Whenever I make a crispy, saffron-scented noodle cake, I think of cold, dreamlike Spanish fields of purple crocus flowers I found myself standing in one misty dawn many years ago, watching bundled workers hurriedly plucking the small delicate flowers before the rising sun’s heat could wither them.

© Owen Franken
© Owen Franken/owenfranken.com

Later, in the farmers’ modest kitchen, the family patiently stripped the three red thread-like stigmas from each flower as they sat around a crocus-covered table for hours on end. In a process unchanged for centuries they were gathering saffron, the most expensive spice in the world.

© Owen Franken/owenfranken.com
© Owen Franken/owenfranken.com

It takes an experienced picker about an hour to strip 1100 flowers, enough to produce a quarter of an ounce of saffron. One hundred or so purple flowers go into each pinch I use in cooking, and into this gratin. It has saffron’s deep yellow color and inimitable flavor and aroma, at once bitter and floral, infusing a soft buttery interior with a crispy top.

It’s a snap to make and makes a lovely side for roast chicken, lamb and fish. I love it best on its own, accompanied by a salad for a simple satisfying supper. It is all the more delicious knowing the story behind it.

© Owen Franken/owenfranken.com
© Owen Franken/owenfranken.com

Crispy Saffron Noodle Cake

If you use a nonstick or well-season cast-iron skillet, you can turn the cake out onto a platter to serve it.

Serves 4

1 large pinch of saffron threads

2 teaspoon hot water

2 tablespoons unsalted butter

1 garlic clove, halved

1/2 cup grated Parmigiano Reggiano

1/2 pound dried egg pasta (about 1/8 inch wide), such as linguine or tagliarini, or 12 ounces fresh pasta

Kosher salt and freshly ground black pepper

12 coriander seeds, coarsely crushed (optional)

Preheat the oven to 475’. Place the saffron in a small bowl and crush to a powder with a teaspoon. Pour the hot water over it and set aside to steep 10 minutes. This will release the saffron’s full flavor.

In a small saucepan, melt the butter over very low heat; add the saffron and its liquid; when the butter starts to bubble remove from the heat.   Let sit for 10 minutes.

Rub a 10-inch seasoned cast-iron or nonstick skillet, or 1 ½ quart gratin dish, with the garlic; discard. Let dry 5 minutes. Brush the pan with a little of the saffron butter. If you are using a skillet, sprinkle it with 2 tablespoons of the Parmesan cheese.

Bring a large pot of water to a boil over high heat. Salt well, stir in the pasta and cook until al dente (tender but still slightly firm to the bite).  Drain and cool down under cold running water.  Drain well and pat dry withpaper towels.

Return the pasta to the pot and toss with the saffron butter; season with salt and pepper and the crushed coriander, if using.  Transfer the pasta to the prepared pan and arrange it in an even layer (taking care not to disturb the cheese on the bottom). Press the noodles down lightly and sprinkle the remaining cheese over the top.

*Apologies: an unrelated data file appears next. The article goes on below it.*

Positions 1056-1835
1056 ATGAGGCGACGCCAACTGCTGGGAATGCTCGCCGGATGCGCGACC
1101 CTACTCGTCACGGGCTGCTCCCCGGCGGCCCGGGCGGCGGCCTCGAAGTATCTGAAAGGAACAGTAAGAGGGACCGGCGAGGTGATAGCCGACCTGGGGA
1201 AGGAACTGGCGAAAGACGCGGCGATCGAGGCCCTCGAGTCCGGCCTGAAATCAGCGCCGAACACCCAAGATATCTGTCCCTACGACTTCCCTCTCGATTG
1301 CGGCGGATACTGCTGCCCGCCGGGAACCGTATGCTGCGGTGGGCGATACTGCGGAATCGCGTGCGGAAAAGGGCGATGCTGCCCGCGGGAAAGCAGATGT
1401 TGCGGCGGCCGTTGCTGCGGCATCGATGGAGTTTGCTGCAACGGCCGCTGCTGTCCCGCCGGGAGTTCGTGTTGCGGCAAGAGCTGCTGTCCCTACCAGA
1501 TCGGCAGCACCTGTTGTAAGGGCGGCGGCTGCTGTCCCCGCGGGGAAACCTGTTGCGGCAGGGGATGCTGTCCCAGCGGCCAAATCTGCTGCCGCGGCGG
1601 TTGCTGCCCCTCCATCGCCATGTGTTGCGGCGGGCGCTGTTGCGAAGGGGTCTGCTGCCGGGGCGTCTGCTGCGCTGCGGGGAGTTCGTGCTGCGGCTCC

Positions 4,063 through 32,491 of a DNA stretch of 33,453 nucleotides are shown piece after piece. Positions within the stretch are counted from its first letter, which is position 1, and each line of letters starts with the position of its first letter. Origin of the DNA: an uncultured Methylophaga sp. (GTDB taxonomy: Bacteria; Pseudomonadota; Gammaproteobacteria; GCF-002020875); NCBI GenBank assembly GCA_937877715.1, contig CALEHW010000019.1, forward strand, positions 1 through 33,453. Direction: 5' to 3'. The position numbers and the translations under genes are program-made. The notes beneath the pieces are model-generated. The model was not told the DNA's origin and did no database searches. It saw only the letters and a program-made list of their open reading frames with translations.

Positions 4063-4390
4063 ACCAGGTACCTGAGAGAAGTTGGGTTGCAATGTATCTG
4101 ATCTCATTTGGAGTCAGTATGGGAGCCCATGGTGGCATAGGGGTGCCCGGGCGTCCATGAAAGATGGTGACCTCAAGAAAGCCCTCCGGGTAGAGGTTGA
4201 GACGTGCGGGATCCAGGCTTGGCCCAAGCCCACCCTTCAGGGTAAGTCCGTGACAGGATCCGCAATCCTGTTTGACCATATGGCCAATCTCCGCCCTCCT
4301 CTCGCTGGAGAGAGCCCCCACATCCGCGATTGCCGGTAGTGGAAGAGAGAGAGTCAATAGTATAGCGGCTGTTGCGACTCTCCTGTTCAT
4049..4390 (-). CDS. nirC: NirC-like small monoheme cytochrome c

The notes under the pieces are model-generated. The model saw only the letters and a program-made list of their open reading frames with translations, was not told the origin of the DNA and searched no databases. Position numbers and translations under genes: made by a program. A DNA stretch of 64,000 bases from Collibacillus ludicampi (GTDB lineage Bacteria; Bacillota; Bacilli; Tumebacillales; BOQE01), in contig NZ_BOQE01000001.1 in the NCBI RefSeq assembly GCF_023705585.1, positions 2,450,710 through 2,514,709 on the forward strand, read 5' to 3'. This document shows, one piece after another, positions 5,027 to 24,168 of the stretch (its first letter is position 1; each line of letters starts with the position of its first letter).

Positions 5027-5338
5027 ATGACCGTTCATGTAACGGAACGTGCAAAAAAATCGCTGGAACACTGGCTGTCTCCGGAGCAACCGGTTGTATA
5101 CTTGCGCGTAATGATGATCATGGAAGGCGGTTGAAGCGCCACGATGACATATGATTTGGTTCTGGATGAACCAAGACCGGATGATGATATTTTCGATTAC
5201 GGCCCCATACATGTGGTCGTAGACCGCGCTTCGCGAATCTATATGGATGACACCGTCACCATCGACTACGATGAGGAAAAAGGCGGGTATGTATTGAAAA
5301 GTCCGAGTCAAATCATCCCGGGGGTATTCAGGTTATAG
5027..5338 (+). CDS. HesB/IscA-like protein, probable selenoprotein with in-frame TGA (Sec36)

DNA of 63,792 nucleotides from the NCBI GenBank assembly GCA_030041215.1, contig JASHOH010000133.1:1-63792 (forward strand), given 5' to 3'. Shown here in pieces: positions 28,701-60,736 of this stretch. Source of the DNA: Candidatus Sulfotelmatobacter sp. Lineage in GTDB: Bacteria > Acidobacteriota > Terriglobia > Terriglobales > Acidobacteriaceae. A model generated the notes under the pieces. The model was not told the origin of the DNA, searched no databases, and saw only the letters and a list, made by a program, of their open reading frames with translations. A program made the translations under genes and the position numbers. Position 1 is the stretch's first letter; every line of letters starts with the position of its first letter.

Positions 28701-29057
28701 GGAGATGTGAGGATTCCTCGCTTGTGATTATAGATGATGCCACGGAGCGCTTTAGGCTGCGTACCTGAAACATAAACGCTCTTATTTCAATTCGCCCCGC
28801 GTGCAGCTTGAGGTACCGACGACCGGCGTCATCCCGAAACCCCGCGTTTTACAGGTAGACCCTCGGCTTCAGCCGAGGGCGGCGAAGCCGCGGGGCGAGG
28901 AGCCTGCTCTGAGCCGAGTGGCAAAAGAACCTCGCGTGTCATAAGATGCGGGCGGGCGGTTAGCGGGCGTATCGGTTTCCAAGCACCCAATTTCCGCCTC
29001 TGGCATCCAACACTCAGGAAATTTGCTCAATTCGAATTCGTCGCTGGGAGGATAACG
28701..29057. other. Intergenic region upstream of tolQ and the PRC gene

Bake the gratin until the top is brown and crusty, 30 to 35 minutes. Let sit a few minutes. If you used a skillet, place a plate over the pan and invert the cake onto it.  Then invert the cake onto a platter. Cut into wedges and serve at once.


Photographs of saffron in Spain courtesy of the great Owen Franken, with whom I traveled to Spain to find the story for Saveur. You can view more of his images of the saffron harvest here as well as other work. Thank you deeply, Owen!

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4 replies on “Crispy Saffron Noodle Cake

  1. Sally,

    Have you tired the saffron pasta from Rustichella d’Abruzzo? I’m going to bring you some!


  2. i’ve grown up with saffron and am obsessed with it (in fact pounded some this morning to mix with rosewater and melted butter to pour over some dates before broiling.. YUM). its flavor is so appealing, and this dish looks delicious.

    oddly, it reminds me of the Iranian way with pasta, which is to cook it, with its sauce, kind of in the manner of Persian rice, so that you get a crispy crust at the bottom of the pot. My mom made pasta this way, with a meat sauce flavored with cinnamon and ground black limes (sounds odd but is really good!), and here is a particularly beautiful rendition:


  3. That looks so delicious, and actually reminds me a little of the “macaroni” my Greek grandmother used to make, with long tube pasta and lamb scented wih cinnamon. Thank you!

  4. I cooked up the saffron pasta from Rustichella d’Abruzzo last night and was totally impressed. SERIOUSLY BIG saffron flavor with a wonderful texture. We ate it tossed with butter and Parmigiano and pasta cooking water, with a fried egg on top: totally delish, quick, lazy-dog Sunday supper. Thank you Harriet.
    You can use it to make the Noodle Cake without having to add any saffron. I want a case of the stuff!

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